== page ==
Elite athletes know that their minds can be their best asset or their worst enemy. No matter how much skill and talent they possess, their mindset can either help them fulfill their greatest potential or hold them back from doing their best.
To make it to the Olympics, athletes must be mentally strong. And to build that mental muscle, many of them rely on sports psychologists and mental strength trainers to teach them the mental exercises that will help them perform under pressure.
Here are three things the greatest Olympians have trained their brains to do:
1. They Regulate Their Emotions
Swimmer Katie Ledecky is known for keeping her Zen-like way of avoiding stress. In an interview with Vogue she said she doesn't feel the pressure when she's in a swim meet. She keeps focused on her goals and stays calm, even when she's the world's toughest competitors.
Elite athletes know which emotions help them perform at their best. While one individual may do well when she's excited, another one might do her best when she's completely calm. Self-awareness and emotion regulation skills are key to performing under pressure.
Mental strength trainers help athletes develop pre-performance routines that help them get into the right frame of mind. While pacing around the room is likely to raise an athlete's anxiety, listening to inspirational music might evoke just the right emotion.
How this can work for you: Walking into an interview when you're really nervous or calling a potential client when you're feeling down could be disastrous. Pay close attention to your emotions and think about how you feel when you're performing at your best. Then, take steps to get yourself into the right frame of mind before you approach an important situation.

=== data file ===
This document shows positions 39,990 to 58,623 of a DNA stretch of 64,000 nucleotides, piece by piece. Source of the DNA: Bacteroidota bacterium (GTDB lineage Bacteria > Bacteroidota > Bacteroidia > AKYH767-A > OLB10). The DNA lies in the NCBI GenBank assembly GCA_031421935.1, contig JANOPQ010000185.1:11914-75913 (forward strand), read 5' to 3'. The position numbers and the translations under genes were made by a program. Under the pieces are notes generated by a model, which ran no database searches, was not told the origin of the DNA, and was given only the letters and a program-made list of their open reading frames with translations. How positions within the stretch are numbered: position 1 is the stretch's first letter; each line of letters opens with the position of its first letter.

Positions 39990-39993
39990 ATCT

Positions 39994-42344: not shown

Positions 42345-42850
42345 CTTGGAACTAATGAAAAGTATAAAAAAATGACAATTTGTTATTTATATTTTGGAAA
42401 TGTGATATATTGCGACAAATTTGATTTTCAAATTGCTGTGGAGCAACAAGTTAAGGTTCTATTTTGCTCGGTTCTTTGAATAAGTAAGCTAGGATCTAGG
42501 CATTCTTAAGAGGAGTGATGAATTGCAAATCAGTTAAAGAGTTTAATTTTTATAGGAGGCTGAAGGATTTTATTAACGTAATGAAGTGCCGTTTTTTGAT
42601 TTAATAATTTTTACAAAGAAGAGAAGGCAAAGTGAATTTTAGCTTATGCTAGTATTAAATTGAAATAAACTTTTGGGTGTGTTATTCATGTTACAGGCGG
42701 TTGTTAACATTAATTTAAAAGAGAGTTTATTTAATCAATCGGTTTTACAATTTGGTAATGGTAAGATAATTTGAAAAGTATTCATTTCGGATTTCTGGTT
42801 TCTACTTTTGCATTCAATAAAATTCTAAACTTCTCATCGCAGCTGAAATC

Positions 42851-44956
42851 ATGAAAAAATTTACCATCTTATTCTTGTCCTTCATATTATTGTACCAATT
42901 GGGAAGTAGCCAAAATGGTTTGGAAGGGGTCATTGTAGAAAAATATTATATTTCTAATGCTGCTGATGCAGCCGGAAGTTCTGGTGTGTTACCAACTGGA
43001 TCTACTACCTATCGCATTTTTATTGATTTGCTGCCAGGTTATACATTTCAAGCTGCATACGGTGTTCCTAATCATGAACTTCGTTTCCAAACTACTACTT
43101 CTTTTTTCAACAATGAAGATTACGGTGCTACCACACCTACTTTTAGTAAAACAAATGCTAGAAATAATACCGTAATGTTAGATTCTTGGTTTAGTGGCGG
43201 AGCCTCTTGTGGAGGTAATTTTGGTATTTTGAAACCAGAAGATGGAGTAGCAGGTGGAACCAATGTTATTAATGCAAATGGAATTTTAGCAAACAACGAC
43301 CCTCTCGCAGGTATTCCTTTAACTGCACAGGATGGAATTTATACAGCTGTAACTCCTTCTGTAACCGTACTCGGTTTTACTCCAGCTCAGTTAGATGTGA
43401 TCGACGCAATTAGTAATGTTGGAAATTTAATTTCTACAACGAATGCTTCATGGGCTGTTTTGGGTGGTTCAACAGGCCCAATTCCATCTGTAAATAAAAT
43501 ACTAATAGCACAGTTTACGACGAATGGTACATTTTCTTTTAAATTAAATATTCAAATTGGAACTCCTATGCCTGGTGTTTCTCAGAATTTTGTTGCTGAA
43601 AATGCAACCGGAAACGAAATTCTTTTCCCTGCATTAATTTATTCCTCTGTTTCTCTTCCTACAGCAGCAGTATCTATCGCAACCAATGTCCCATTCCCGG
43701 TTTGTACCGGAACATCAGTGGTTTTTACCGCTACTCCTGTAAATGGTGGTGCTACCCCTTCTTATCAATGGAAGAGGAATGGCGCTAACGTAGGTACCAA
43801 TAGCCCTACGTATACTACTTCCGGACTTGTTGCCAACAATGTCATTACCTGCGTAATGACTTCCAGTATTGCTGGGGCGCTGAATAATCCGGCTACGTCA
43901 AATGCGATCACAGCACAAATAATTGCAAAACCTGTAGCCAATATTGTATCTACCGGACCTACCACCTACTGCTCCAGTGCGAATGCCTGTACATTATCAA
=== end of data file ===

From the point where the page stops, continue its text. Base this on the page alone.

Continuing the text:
2. They Know How to Stay Focused
It's easy for an athlete to get distracted by the audience, the competition, or the sheer excitement of going for the gold when they're competing in the Olympics. And one second of distraction often makes the difference between getting a gold medal and not medaling at all. Perhaps you saw the picture of South African swimmer Chad le Clos looking over at Michael Phelps during their race?
Elite athletes practice staying in the zone. That means concentration won't be a conscious struggle while they're competing. Some athletes recite mantras to themselves to keep themselves on track, such as, "Give everything." Others, regularly practice mindfulness so they can be fully aware of each moment.
How this can work for you: When you're giving a speech or a big presentation, getting distracted by the audience could throw you off track. Make sure you know your topic well enough that your presentation is like second nature. Then, create a positive affirmation to say to yourself, like, "You've got this," if you start to get rattled.
3. They Control Their Physiological Responses
Studies have found a correlation between self-regulation and world ranking. Athletes who are better at regulating their body's response to stress--respiration rate, heart rate, and the activation of their muscles--are likely to perform better than those who struggle.
Many elite athletes use biofeedback as part of their training. Various sensors and devices monitor the electrical activity in their muscles or their skin temperature. Then, they learn how to use their thoughts to control their physiological responses.
Gymnast Simone Biles can be seen placing her right hand on her stomach, closing her eyes, and taking a deep breath before she performs. In an interview with ESPN, her mental strength coach, Robert Andrews said, that relaxation technique is something they'd been practicing in his office and he was pleased to see she was using it to relax in the games. "When she over-rotates, she's too amped up. When she sticks it, she's in the zone," he said.
How this can work for you: Being able to keep your body calm under stress will help you think more clearly and behave more productively. Take slow, deep breaths when you're faced with a stressful situation and you'll be better equipped to keep your body calm.